Emotional labor is the process of managing feelings and expressions to fulfill the emotional requirements of a job. Emotional labor refers to the invisible and often undervalued work involved in keeping other people comfortable and happy. Emotional labour is the projection of certain emotions during the context of a job performance, in the medical field, and also in many service industries including tourism. Emotional labor is also a job stressor that leads to burnout. Expecting people to work in teams, and also show positive team behaviors with their colleagues, is also emotional labor.
"Emotion regulation in the workplace: A new way to conceptualize emotional labor". The term emotional labour can be applied where emotion is faked. According to Arlie Russell Hochschild, emotional labour refers to paid work requiring the worker to maintain observable facial and bodily displays with the intention of creating particular emotional feelings in clients. Among workers performing emotional labour are musicians who perform even as the ship sinks, flight attendants who continue to smile as the plane crashes, bill collectors, funeral directors, doctors, nurses, and others.
Merchandising smiles: Emotional labour in Jamaican tourism - Crick, Anne P, Author. Abstract - Tourism is a very distinct industry with few boundaries between those who are paid to give emotional labour and those who are expected to give it voluntarily. This paper examines how emotional labour has been managed by the Jamaican Tourist Board and critically analyses these efforts. Little attention has been paid to the intrinsic motivation for performing emotional labour.
and Burnout: A Review of the Literature
Da-Yee Jeung, Changsoo Kim, and Sei-Jin Chang, Yonsei Med J. 2018 Mar 1; 59(2): 187–193.
Abstract: This literature review was conducted to investigate the association between emotional labor and burnout and to explore the role of personality in this relationship. The results of this review indicate that emotional labor is a job stressor that leads to burnout. Further examination of personality traits, such as self-efficacy and type A behavior pattern, is needed to understand the relationships between emotional labor and health outcomes, such as burnout, psychological distress, and depression. The results also emphasized the importance of stress management programs to reduce the adverse outcomes of emotional labor, as well as coping repertories to strengthen the personal potential suitable to organizational goals. Moreover, enhancing employees' capacities and competence and encouraging a positive personality through behavior modification are also necessary.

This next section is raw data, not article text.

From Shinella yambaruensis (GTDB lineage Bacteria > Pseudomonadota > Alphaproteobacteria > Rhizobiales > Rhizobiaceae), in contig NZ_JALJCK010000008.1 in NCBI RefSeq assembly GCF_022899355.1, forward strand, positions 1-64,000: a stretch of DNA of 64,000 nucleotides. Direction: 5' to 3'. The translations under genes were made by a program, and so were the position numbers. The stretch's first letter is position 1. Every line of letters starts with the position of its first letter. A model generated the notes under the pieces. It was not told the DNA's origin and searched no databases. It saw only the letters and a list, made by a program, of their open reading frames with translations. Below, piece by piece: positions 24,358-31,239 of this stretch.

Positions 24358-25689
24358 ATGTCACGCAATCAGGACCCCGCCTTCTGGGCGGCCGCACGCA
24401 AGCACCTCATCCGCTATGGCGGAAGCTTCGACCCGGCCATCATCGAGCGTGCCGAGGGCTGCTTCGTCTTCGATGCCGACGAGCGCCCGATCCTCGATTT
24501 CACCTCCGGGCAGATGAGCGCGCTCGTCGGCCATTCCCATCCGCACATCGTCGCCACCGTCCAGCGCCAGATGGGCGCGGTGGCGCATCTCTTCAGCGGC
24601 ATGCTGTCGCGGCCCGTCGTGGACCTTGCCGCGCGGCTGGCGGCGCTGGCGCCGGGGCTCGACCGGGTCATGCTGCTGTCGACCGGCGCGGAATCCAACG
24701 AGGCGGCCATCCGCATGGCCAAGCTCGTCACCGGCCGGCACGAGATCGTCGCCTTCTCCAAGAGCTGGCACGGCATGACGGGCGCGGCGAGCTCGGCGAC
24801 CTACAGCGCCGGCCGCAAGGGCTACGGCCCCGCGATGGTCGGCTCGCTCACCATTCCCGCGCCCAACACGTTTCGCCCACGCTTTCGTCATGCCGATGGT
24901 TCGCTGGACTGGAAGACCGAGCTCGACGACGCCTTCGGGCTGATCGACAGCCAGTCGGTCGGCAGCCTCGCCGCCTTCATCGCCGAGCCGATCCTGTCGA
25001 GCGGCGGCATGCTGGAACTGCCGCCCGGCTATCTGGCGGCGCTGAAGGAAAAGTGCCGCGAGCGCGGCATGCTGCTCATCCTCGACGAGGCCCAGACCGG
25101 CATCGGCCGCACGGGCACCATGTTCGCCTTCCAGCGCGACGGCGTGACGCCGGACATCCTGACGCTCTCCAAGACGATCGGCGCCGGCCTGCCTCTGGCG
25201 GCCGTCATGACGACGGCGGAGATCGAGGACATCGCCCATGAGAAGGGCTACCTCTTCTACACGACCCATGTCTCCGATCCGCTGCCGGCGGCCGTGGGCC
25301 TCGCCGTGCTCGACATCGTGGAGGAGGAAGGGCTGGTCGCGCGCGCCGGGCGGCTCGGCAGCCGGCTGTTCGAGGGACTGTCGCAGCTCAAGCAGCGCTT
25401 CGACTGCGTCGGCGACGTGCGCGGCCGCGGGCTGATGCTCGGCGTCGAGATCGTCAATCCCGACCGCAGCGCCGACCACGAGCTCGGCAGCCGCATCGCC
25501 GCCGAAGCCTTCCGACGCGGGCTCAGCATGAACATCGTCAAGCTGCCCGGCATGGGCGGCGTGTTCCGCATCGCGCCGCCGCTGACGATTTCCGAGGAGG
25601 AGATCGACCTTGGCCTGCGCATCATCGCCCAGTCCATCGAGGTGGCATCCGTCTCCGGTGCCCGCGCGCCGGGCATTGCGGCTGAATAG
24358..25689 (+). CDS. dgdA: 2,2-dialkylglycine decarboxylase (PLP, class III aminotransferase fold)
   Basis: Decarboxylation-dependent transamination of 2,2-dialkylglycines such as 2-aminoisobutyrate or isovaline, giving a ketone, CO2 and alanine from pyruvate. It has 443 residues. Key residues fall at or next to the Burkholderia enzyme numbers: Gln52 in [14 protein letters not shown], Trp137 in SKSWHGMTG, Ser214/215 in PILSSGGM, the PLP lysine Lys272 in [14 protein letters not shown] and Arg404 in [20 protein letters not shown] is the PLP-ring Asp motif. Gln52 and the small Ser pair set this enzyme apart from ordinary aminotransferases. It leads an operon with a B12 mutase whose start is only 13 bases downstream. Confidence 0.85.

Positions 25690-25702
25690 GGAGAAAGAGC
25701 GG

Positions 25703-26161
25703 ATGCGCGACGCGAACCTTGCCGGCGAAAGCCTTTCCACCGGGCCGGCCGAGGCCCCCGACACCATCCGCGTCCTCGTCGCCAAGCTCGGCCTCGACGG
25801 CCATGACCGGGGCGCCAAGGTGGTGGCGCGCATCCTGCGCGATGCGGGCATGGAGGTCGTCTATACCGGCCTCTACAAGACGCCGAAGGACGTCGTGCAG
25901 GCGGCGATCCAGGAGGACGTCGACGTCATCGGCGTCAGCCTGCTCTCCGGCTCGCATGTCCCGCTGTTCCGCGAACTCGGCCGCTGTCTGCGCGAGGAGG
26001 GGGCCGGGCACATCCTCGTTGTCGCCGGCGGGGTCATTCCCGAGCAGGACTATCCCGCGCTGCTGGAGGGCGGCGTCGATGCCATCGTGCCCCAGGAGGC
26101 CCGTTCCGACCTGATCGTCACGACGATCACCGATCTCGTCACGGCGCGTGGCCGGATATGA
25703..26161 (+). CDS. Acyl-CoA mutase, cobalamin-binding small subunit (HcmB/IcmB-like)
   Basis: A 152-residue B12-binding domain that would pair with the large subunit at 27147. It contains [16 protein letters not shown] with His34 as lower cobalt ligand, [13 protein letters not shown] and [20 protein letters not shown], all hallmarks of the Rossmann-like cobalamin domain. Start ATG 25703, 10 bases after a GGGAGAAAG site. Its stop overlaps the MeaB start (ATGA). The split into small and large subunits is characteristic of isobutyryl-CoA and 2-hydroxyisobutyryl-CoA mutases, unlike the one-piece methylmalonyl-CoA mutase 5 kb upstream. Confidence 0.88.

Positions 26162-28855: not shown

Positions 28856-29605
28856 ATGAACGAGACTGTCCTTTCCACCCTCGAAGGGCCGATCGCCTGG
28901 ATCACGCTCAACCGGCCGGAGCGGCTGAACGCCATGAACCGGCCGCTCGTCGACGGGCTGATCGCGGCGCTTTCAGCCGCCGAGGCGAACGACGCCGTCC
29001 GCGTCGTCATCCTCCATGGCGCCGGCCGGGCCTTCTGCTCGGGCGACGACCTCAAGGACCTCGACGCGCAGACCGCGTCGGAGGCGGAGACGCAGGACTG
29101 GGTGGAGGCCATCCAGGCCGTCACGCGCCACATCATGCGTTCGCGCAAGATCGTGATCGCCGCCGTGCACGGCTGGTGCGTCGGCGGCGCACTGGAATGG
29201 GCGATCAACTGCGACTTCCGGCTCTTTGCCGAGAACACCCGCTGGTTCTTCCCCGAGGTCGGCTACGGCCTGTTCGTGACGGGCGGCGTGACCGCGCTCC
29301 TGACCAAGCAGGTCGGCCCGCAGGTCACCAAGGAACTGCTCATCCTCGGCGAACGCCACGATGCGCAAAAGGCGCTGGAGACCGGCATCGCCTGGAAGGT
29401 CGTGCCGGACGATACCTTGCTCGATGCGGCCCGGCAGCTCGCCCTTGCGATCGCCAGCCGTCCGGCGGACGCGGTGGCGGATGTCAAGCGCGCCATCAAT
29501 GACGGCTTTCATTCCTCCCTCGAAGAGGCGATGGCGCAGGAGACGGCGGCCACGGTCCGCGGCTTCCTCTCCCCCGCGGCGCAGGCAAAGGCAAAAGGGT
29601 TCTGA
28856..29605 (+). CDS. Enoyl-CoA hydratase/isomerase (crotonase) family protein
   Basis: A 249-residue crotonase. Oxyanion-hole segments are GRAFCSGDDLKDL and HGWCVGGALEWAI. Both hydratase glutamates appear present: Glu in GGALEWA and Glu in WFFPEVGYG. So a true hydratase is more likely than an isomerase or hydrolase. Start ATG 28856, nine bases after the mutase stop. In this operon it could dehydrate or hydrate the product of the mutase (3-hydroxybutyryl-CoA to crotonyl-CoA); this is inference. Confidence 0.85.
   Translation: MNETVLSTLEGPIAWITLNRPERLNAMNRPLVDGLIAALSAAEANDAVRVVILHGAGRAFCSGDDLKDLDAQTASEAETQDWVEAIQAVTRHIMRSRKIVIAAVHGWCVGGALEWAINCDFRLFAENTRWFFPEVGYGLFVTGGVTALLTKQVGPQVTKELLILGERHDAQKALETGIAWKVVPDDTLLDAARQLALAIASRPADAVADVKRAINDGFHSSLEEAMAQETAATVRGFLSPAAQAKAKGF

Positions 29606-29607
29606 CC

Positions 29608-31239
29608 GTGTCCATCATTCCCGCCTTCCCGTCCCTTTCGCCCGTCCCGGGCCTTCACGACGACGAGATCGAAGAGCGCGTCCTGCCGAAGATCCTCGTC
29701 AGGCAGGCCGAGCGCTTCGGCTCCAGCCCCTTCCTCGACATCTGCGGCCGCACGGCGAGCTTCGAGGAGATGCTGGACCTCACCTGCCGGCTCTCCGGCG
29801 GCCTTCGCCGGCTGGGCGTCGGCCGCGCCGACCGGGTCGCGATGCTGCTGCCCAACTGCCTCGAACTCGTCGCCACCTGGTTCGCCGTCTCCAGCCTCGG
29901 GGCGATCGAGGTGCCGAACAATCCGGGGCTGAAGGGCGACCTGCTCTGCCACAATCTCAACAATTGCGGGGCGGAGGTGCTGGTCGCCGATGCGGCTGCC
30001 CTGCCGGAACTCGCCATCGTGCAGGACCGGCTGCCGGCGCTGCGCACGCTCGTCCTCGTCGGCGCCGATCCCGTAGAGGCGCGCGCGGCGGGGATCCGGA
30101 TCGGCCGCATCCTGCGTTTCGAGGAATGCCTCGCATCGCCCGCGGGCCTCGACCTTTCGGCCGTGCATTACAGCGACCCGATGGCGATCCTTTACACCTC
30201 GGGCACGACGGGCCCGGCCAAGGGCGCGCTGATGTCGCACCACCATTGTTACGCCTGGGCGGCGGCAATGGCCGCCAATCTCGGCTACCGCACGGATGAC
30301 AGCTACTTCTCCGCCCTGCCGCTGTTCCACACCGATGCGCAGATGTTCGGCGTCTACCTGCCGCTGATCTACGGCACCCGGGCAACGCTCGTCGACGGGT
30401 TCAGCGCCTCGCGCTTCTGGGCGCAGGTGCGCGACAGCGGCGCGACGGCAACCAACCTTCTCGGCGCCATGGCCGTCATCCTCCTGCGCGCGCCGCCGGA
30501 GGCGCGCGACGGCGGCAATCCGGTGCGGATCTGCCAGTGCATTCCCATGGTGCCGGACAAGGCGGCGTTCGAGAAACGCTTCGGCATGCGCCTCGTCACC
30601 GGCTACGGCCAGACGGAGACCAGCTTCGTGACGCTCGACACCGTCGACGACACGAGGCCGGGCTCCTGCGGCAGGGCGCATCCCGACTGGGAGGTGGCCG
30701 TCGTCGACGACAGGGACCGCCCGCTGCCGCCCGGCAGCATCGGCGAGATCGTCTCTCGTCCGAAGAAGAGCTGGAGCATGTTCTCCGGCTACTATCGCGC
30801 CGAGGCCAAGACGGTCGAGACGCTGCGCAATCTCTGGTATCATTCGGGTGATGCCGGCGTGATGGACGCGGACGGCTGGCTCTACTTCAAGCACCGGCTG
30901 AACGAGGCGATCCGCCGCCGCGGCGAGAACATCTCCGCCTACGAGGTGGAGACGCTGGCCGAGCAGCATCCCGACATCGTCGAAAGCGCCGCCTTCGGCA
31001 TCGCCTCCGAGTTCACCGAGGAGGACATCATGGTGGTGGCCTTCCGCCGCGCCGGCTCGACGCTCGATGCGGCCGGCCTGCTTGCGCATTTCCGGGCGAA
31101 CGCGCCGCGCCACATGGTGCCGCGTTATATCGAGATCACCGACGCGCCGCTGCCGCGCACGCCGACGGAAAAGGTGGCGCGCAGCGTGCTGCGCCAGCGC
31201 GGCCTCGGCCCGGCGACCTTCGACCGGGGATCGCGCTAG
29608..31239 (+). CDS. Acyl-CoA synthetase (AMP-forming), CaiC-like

The Effects of Emotional Labour on Employee Work Outcomes
- Kay Hei-Lin Chu
Emotional labor can be defined as the degree of manipulation of one's inner feelings or outward behavior to display the appropriate emotion in response to display rules or occupational norms. This study concerns the development of an emotional labor model for the hospitality industry that aims at identifying the antecedents and consequences of emotional labour. The study investigates the impact of individual characteristics on the way emotional labor is performed; it investigates the relationships among the different ways of enacting emotional labour. This study did not find strong relationships among the antecedents and emotional labour factors. Similarly, the proposed moderators were not found to moderate the relations between emotional labour and its consequences.
Emotional labour in organizations
Sandi Mann, Leadership & Organization Development Journal, Volume 18 Issue 1.
Abstract: Emotion and rationality are considered by many practitioners to be mutually exclusive concepts as encapsulated in the generally held belief that there is no place for emotions in today’s rational, task-oriented work environments. Illustrates that emotions and their expression are, in fact, controlled and managed in organizations by a wide range of formal and informal means, ensuring that certain emotions are expressed while others are suppressed. Very often, employees are expected to conform to these expectations about emotional display even when they conflict with inner feeling. When this conflict results in individuals suppressing genuine emotion or expressing fake emotion, the work or effort involved in doing so is termed “emotional labour”. Demonstrates how emotional labour, which can have both functional and dysfunctional consequences for the individual and their organizations, is not restricted to interactions at the customer and organization interface, but is becoming increasingly prevalent within all organizational communications.